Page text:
The cost of chemo

Literally: $23,000 per treatment on average before insurance. Okay, I’m exaggerating. $17,000 of that is for the immunotherapy drug, Rituximab (which was denied by our insurance as not necessary at first; thank you to the City of Hope for fighting that fight for us!). But still. Between medical bills and the sucky economy we sure won’t be going on any big trips this year, other than to City of Hope. *sigh* Good health sure ain’t cheap! On the topic of health insurance, we received our annual renewal notice and our rates are going up about $150/month. Woohoo! Seriously, I do wonder what someone who was uninsured and diagnosed with lymphoma would do. But I guess the answer is that they would never have gotten it diagnosed, until it was too late to treat. That makes us among the lucky ones.

The other cost of chemo: we’re starting to really see the impact of chemo on Chuck’s energy. Not that it hasn’t taken a toll every time – it has. But with every treatment it takes him a bit longer to start to feel even kind of like himself. It’s now almost a week and a half after his fourth treatment and today is the first day where he felt mostly human. It’s hard to be a bystander – I want to help but there’s honestly not much to do, other than listen when he wants to gripe (not that often) and try not to baby him too much (he hates that). I am, however, getting officially paranoid. During the last treatment the doctor told him that if he ever woke up one morning and was too tired to get out of bed, he should come in for a blood test as he might need a blood transfusion (due to an overly low white blood cell count human oops, typo – makes him sound like an alien). So now every morning I look at him and ask, “Are you too tired to get up?” Oh, and every time he coughs I ask if he has a sore throat or a temperature.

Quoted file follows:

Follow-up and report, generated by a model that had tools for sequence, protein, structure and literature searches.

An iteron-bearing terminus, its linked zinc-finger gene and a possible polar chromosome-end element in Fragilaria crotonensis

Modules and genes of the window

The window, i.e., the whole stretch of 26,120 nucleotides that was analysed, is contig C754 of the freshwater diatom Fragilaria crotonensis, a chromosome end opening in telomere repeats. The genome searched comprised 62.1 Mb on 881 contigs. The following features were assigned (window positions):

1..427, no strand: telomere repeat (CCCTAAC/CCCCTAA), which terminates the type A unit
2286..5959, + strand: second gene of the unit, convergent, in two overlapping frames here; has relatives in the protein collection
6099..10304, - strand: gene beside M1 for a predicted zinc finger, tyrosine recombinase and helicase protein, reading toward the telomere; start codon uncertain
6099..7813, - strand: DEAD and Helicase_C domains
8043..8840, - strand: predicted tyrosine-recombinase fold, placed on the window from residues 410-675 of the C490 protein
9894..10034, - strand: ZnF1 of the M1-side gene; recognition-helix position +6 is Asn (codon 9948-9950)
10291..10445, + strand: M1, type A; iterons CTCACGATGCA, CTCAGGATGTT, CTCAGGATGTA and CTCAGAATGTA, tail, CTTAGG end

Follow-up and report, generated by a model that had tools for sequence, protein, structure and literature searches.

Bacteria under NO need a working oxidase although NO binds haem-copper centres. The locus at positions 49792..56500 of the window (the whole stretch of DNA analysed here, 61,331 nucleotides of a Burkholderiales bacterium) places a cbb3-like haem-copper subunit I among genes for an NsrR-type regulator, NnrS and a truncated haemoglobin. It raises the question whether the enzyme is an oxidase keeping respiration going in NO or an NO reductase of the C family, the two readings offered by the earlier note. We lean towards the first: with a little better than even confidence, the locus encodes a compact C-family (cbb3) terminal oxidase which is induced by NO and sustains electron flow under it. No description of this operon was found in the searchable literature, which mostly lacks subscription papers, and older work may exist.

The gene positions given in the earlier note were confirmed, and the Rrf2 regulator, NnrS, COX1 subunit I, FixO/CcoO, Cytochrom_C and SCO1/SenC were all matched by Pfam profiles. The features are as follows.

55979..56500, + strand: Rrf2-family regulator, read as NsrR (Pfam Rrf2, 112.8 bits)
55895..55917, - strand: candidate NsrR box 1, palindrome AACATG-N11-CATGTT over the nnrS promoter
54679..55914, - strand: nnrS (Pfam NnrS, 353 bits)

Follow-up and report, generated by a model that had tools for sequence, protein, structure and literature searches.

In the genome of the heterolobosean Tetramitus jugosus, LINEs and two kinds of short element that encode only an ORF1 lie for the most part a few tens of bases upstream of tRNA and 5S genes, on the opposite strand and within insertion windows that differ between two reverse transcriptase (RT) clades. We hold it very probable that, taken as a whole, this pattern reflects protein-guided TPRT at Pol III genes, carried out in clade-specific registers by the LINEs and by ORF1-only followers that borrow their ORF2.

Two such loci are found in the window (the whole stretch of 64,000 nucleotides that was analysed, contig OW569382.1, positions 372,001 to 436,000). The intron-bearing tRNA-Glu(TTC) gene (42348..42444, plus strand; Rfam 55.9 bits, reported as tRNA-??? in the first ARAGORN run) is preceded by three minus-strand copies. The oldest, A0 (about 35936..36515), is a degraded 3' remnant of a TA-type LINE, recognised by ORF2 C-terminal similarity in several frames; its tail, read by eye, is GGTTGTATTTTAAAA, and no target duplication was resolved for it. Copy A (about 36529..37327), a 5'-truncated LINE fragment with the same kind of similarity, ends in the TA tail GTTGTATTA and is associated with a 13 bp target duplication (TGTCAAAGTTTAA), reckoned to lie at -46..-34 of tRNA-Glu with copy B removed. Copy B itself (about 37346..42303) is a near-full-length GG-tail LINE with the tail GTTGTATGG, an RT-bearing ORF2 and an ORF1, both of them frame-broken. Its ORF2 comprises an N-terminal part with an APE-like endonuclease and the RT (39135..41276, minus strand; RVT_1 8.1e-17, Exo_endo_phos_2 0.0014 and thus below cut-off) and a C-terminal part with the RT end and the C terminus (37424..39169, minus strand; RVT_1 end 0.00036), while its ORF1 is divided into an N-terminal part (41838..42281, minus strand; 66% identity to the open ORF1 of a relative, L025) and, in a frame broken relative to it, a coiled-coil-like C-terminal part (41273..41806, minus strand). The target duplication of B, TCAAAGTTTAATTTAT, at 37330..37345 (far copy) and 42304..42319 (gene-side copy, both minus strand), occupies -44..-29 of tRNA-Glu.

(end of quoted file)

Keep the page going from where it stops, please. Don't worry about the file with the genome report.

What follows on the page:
My grey hairs are increasing daily. Because, of course, it’s all about me… 😉 Meanwhile, life goes on.


  1. I so feel for you! And also relate. MS is such a hard one because you never know what might be an attack. Much love to you both.

  2. You know we’re thinking about you – and I wish I could be there in Long Beach with all my heart. After being in England now it really shocks me our country’s health insurance policy…even more than it did before. Love you both soooo much.

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